Where sports legends are made, not born

It was an absolutely perfect early summer day in which to escape from ugly politics.

We drove past the hospital and turned toward the breathtakingly impressive campus that comprises the Waterville YMCA, Boys and Girls Club and Alfond Youth Center. Kids were enjoying the sparkling pool and other outdoor activities. I thought how lucky this city is to have these wonderful facilities — how fortunate that Harold Alfond lived and worked here.

The Alfond legend of philanthropy lives on throughout Maine. As I entered the youth center for the first time, I was struck by the many uses that the building provides the community. I walked the halls and began to feel the presence of legends past. I thought of Ted Shiro, “Swisher” Mitchell, Dr. John Winkin and many other sports greats who made themselves and Waterville famous. Unforgettable names of Maine athletes and coaches from all over the state cover the walls of this striking building.

It seemed surreal as my family and I seated ourselves at table six in the room where I would join several others in being honored by the Maine Sports Legends organization and inducted into their Hall of Fame. I would share the stage with great sports notables like USM basketball/baseball coach and Old Town legend Dick Sturgeon, Portland’s amazing championship basketball coach Joe Russo and others from Northern and Eastern Maine. I was humbled to share selection with fellow central Mainer from Waterville, the honorable, Joe Jabar, a pitcher so good that he could have made it to the majors, but chose the law instead. It isn’t often that you get to follow the speech of a Maine Supreme Court Justice.

Best of all, we were gathered to honor and salute several outstanding boys and girls, deserving Maine scholar-athletes, as Maine Sports Legends bestowed scholarships upon them. Central Maine choices for 2017 were Delaney Keithley, Cony and Jacob Hickey, Winthrop.

Suddenly, emcee Mike Violette, originally from Waterville, and an outstanding sportscaster in his own right, was calling my name. As I stood at the podium to deliver my acceptance remarks, it struck me that I was on hallowed ground. A giant photo of the gleeful 1944 Waterville New England boys basketball championship team hung just behind me, high over my head. I thought of how lucky I was to broadcast the 1978 version of the New England basketball championship when Gary Towle and the Cony “Magic Show” won it all.

As I gazed out into the crowd, I recognized faces of famous athletes and coaches, like fabulous basketball coach Bob Brown, whose son Brett is an NBA head coach. I marveled at the bright, energetic young boys and girls present and realized how fortunate I had been to enjoy, as one of several careers, a chance to broadcast the exploits of so many talented young athletes during a span of more than 40 years.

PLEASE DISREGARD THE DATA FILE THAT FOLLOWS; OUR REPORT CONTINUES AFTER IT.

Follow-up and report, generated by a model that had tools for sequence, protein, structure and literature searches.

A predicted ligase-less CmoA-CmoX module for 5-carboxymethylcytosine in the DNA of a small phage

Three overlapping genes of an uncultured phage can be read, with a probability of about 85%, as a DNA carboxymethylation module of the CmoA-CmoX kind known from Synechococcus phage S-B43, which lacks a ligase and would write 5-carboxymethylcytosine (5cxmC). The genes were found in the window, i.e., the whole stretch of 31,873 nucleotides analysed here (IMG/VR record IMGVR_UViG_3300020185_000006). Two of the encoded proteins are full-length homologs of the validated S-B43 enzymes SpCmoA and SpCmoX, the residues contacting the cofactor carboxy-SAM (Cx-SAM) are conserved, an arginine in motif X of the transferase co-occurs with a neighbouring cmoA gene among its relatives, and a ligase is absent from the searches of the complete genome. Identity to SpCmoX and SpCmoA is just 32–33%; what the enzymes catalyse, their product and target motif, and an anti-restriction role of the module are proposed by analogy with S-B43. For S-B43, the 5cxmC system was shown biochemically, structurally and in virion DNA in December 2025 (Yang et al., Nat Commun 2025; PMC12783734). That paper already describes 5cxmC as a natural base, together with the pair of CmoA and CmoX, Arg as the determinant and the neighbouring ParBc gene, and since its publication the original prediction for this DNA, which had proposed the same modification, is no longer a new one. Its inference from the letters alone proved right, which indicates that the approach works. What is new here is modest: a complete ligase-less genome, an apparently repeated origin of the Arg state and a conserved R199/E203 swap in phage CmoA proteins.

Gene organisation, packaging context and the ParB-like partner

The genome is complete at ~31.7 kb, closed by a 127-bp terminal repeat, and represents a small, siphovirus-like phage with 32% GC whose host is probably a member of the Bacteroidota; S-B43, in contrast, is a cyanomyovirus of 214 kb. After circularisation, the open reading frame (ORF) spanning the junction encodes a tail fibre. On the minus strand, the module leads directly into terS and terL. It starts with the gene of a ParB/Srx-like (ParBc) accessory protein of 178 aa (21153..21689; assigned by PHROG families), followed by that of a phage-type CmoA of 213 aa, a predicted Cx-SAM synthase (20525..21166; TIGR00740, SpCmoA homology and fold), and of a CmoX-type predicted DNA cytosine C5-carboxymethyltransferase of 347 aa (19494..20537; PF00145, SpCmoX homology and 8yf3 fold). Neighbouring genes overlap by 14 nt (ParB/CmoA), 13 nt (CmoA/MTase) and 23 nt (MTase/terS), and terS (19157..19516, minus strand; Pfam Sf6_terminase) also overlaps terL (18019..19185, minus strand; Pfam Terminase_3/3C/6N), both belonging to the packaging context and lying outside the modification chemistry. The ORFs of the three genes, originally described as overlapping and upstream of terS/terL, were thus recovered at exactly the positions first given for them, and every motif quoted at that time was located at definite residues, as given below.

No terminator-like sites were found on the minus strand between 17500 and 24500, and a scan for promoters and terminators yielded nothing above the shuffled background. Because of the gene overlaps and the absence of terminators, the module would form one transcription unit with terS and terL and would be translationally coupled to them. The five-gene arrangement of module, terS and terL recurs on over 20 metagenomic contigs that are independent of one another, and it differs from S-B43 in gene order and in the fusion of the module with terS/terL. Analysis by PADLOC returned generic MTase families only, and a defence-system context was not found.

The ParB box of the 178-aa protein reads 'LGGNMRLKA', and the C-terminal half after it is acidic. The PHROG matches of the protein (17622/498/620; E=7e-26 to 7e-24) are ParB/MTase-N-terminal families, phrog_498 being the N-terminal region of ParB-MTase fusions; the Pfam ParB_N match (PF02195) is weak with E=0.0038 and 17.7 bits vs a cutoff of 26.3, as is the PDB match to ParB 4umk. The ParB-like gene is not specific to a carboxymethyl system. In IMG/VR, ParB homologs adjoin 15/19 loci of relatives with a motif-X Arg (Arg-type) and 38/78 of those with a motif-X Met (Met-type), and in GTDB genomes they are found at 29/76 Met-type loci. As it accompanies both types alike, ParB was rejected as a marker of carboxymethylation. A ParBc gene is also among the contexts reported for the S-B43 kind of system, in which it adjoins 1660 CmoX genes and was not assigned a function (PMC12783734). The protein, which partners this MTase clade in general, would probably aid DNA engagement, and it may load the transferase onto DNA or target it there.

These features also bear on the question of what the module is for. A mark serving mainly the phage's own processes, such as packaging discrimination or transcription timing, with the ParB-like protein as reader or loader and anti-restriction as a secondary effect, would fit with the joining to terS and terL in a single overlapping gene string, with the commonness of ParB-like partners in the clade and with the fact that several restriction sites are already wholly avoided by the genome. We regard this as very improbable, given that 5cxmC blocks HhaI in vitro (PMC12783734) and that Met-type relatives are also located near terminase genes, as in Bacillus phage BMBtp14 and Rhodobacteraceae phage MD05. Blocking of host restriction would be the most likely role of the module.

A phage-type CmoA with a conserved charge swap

Memories flooded back from yesteryears of sportscasting. I could hear echoes of the late great Cony coach Dick Hunt (Bob Brown’s mentor), who brought the art of defense to Maine high school basketball, screaming at his team from the sidelines “stick ’em,” as the Rams forced another turnover and Don Crosby, one of the games greats, scored another basket.

I recalled my first TV sports interviews in Ohio with rookies Johnny Bench and Pete Rose, and the awesome size of Ohio stadium in Columbus. A haunting play-by-play audio clip of Cony’s stunning upset of Central of Providence, Rhode Island, concluded my presentation. A recording of my entire New England basketball tournament broadcast is displayed in Maine’s Basketball Hall of Fame at Cross Center auditorium in Bangor. The best moment for me last Sunday was looking out into the proud and beaming faces of my wife and family, whose unconditional love and support provided the impetus for all my endeavors.

I will be forever indebted to fellow broadcaster and former competitor Paul McClay for his magnanimous gesture of recommending me for nomination to the Maine Sports Legends and its Hall of Honors. Paul provides much of the glue that holds this special organization together, founded by the late world class bowler Chris Anton from Portland.

Time marches on, the sun sets on old sportscasters, but cherished memories will live on forever.

Legends are made, not born.

Become a member ($25) and/or support with a contribution, the Maine Sports Legends scholarship program, now in its 21st year. 28 Colony Road, Augusta 04330. You can email treasurer: [email protected] or call 622-1539.

Don Roberts is a veteran broadcaster, writer and political consultant. He has served Augusta as a city councilor at-large, charter commission vice chairman and utilities district treasurer.

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